Herculaneum Conservation Project
The cities and villas buried by Vesuvius in AD 79 were gradually revealed by excavation campaigns in modern times and represent archaeological heritage of exceptional importance, not only as a testimony to Roman ways of life but also for the history of their discovery, restoration and visitation from the Grand Tour until today. However, exposed to the elements of every season, they are subject to the forms of active decay that afflict all such open-air sites. The conservation problems in the case of Herculaneum are all the more acute. The very features that make this little town such a vivid evocation of the past – the survival of houses to several stories with decorative features intact, and the astonishing preservation of organic matter like wood, cloth and papyrus – also render the site exceptionally difficult to preserve for present and future generations.
The BSR’s long-term commitment to the Vesuvian area evolved from solely academic research at Pompeii in the 1990s to research, conservation and management in Herculaneum in the new millennium. This was thanks to it being a partner in the Herculaneum Conservation Project (HCP) over a ten-year period (2004-2014) to augment the scope and effectiveness of this pioneering public-private initiative instigated by the Packard Humanities Institute and the local heritage authority. Indeed, HCP has now been working at the archaeological site of Herculaneum since 2001 to protect, enhance and manage this unique place and its relationship to the surrounding area. The team is made up of public heritage officers with a wider team of specialists who work together on site all year round.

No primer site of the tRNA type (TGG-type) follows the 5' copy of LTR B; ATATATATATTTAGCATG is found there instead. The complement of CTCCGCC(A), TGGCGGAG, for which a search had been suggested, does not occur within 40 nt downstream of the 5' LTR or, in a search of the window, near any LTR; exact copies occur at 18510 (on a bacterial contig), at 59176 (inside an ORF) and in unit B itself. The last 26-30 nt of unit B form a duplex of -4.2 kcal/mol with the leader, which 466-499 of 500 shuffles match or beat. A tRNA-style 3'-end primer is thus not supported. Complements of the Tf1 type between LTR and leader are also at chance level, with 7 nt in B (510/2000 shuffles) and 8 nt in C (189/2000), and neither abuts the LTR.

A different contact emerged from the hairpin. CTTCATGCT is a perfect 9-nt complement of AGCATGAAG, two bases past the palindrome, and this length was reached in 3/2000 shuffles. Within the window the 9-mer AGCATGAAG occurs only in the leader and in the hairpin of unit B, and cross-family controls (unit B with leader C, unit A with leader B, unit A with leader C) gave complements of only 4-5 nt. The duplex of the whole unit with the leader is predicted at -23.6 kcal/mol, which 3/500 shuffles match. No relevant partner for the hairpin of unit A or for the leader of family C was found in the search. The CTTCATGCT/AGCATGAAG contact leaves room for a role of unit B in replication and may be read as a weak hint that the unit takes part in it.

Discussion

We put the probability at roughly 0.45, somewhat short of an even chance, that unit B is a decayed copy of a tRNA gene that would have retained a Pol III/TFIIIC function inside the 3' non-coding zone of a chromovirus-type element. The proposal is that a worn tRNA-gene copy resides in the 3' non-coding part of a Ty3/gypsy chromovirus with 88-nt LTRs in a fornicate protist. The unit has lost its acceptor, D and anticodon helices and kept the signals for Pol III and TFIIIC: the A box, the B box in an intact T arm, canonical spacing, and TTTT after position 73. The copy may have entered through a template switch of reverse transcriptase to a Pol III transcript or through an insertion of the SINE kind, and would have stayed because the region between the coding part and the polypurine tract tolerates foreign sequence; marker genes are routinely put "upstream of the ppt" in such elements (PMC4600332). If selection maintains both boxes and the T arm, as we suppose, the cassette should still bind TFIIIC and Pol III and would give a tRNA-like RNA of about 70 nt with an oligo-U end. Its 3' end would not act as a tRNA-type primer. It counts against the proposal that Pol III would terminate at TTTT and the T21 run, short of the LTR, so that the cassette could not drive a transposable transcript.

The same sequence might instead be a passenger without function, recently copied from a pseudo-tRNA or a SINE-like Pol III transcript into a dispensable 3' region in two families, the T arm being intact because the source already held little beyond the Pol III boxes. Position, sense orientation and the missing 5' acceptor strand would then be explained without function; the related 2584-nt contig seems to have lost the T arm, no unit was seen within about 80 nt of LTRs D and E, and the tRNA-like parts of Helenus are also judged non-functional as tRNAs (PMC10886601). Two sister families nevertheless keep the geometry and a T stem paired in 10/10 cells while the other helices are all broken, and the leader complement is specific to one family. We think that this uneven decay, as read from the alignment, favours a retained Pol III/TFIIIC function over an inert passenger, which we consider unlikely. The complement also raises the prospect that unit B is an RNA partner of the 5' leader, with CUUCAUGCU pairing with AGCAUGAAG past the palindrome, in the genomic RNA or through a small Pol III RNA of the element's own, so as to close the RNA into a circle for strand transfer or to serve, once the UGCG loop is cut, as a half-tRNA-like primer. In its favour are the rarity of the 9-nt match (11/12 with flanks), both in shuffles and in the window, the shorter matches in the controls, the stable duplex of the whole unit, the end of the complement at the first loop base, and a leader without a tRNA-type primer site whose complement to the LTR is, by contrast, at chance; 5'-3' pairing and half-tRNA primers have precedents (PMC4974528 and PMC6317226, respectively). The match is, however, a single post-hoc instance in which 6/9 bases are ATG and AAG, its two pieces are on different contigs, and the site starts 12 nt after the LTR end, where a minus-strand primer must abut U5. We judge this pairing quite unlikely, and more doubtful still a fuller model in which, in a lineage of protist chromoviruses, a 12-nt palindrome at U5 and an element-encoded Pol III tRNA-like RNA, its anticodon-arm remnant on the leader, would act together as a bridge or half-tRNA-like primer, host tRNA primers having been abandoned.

The BSR also used its role in HCP as a springboard to help local partners secure public funding and launch the Herculaneum Centre in 2007 for a five-year programme dedicated to harnessing the potential of Herculaneum’s heritage to build social cohesion and draw in new forms of support for its future.
None of this would have happened if it were not for the long-sightedness and generosity of the Packard Humanities Institute and the commitment to partnership of the local Italian heritage authority which was unprecedented in that era.